Cause and effect is easily understood and it doesn't take deep insight to see that what we cause can have effects beyond our knowing and beyond the time of our lives. I agree with you too, if I understand correctly, that if we aspire to live a moral and ethical life only because it is "the right thing to do," it doesn't matter if you “believe” in any of these ideas. In that case, the consequences of heaven and hell or rebirth are not so relevant because we’re doing what we need to do anyway. So, I can’t help but wonder if Buddhism takes up these ideas only because they were the accepted doctrine of Shakyamuni’s time.

Brian


Hi Brian,

In my personal view (not being the last word on what happened in history), you express this just right. I believe that Shakyamuni (although he was also the 'man of no rank' beyond and right through all times) was a man of his times, in Iron age India and thus it is little surprise that he adapted, with some adjustments, ideas that were fairly current in India at the time.

Interestingly, the idea just held on and on. The "Karmic effects" of the rebirth idea itself are something that have lived on and on. generation after generation, changing and not changing to various degrees, whether or not it is correct or incorrect. That itself is a demonstration of a kind of "meme" Karma.

Yes, I personally do not find the system of post-mortem rebirth necessary to Buddhist Practice.

That is just my assessment, others will certainly disagree (they may be right, and I am wrong .... which I might end up realizing in the fires of hell, I suppose.)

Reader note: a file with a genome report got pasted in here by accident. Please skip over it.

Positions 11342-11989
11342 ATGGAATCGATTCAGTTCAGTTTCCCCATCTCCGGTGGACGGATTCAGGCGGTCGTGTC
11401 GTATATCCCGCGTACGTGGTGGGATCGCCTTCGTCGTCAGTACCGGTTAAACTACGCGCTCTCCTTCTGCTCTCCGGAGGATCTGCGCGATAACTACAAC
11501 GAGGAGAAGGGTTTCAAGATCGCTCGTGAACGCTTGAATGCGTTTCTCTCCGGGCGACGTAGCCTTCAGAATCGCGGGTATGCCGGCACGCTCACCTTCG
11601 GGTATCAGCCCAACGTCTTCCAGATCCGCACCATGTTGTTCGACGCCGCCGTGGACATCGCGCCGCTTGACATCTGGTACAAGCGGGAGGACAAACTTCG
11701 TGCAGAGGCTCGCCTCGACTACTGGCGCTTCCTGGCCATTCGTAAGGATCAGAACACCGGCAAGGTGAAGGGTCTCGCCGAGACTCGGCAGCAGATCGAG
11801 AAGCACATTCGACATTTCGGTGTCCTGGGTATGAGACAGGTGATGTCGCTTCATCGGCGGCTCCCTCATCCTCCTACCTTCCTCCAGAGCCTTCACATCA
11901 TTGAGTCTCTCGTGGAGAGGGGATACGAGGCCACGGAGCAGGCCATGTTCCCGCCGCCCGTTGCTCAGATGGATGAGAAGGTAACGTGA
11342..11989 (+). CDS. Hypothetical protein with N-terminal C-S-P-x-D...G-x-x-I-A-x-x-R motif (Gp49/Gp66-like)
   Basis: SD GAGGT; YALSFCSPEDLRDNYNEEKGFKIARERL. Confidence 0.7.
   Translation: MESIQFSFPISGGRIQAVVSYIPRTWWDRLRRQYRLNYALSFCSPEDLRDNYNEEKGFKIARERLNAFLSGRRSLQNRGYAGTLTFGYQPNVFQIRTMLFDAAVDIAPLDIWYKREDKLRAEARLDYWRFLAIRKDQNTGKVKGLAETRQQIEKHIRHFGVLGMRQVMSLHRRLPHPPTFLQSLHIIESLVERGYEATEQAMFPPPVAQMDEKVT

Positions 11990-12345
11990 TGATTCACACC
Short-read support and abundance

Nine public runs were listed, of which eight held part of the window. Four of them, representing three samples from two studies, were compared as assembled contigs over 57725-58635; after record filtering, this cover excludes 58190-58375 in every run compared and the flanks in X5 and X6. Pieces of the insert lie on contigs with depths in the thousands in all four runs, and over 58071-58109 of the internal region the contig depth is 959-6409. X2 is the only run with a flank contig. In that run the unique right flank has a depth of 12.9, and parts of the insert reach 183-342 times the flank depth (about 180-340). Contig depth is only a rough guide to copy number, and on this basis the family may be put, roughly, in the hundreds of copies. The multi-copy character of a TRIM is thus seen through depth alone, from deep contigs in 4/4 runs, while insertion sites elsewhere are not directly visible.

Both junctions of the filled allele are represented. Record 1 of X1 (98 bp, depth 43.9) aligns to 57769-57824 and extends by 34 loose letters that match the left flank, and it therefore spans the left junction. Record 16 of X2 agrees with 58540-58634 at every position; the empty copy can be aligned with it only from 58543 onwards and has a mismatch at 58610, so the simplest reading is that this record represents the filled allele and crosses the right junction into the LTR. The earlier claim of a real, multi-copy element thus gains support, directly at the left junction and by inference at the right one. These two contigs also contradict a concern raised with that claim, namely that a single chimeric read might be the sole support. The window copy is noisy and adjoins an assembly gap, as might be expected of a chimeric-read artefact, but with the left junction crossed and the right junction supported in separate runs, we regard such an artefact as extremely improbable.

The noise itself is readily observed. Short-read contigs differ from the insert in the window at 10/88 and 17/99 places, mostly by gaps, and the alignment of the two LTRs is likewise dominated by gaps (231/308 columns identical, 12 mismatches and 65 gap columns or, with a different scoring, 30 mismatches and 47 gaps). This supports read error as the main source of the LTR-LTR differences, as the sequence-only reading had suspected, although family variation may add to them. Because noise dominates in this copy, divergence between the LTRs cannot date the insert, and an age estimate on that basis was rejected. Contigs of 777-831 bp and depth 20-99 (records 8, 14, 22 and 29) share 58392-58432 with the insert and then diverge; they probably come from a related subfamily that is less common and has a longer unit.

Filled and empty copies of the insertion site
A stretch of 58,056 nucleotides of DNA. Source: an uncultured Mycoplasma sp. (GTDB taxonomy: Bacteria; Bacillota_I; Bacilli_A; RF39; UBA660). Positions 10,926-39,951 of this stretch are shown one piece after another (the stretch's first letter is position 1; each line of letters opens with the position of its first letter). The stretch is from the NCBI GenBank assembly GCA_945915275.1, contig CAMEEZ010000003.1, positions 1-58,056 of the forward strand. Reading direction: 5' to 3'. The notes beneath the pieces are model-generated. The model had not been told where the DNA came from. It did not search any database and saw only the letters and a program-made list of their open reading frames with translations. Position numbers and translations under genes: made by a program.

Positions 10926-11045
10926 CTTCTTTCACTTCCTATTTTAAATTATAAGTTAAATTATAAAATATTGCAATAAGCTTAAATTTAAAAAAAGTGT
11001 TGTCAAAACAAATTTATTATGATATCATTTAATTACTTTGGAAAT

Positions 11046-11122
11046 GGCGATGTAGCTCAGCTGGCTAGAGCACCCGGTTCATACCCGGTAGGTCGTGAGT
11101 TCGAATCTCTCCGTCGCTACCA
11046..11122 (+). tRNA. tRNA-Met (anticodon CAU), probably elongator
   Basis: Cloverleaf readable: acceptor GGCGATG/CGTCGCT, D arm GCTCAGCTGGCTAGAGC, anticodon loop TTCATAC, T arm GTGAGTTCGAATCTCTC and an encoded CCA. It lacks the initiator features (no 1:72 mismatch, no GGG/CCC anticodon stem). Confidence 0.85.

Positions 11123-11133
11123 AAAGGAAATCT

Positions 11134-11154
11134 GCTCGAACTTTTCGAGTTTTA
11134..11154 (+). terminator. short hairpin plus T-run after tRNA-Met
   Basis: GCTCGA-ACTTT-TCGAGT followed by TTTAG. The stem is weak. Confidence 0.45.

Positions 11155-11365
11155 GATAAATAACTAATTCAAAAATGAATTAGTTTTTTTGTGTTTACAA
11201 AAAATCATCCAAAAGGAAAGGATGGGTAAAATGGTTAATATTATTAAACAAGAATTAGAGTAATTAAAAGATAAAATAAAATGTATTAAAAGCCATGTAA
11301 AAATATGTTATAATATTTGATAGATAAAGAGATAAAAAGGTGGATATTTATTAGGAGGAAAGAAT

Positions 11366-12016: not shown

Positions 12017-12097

I am reminded of the "cat" story about how Buddhist traditions develop.

When the spiritual teacher and his disciples began their evening meditation, the cat who lived in the monastery made such noise that it distracted them. So the teacher ordered that the cat be tied up during the evening practice. Years later, when the teacher died, the cat continued to be tied up during the meditation session. And when the cat eventually died, another cat was brought to the monastery and tied up. Centuries later, learned descendants of the spiritual teacher wrote scholarly treatises about the religious significance of tying up a cat for meditation practice.


Gassho, Jundo

SatToday
Founder Treeleaf Zendo, Japan. Member SZBA. Treeleaf is an online Sangha for those unable to commute to a Sangha, w/ netcast Zazen, interaction with other practitioners and teachers & all activities of a Soto Sangha, fully online without charge (http://www.treeleaf.org) Nishijima/Niwa
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Re: Karma and reincarnation/rebirth

Postby Brian P on Thu Mar 02, 2017 2:48 pm

Thank you, Jundo. I enjoyed the cat story!

Brian
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Re: Karma and reincarnation/rebirth

Postby Meido on Thu Mar 02, 2017 4:10 pm

Brian P wrote:So, I can’t help but wonder if Buddhism takes up these ideas only because they were the accepted doctrine of Shakyamuni’s time.


Statements to this end are often made when the subject of rebirth comes up, but they are problematic for several reasons.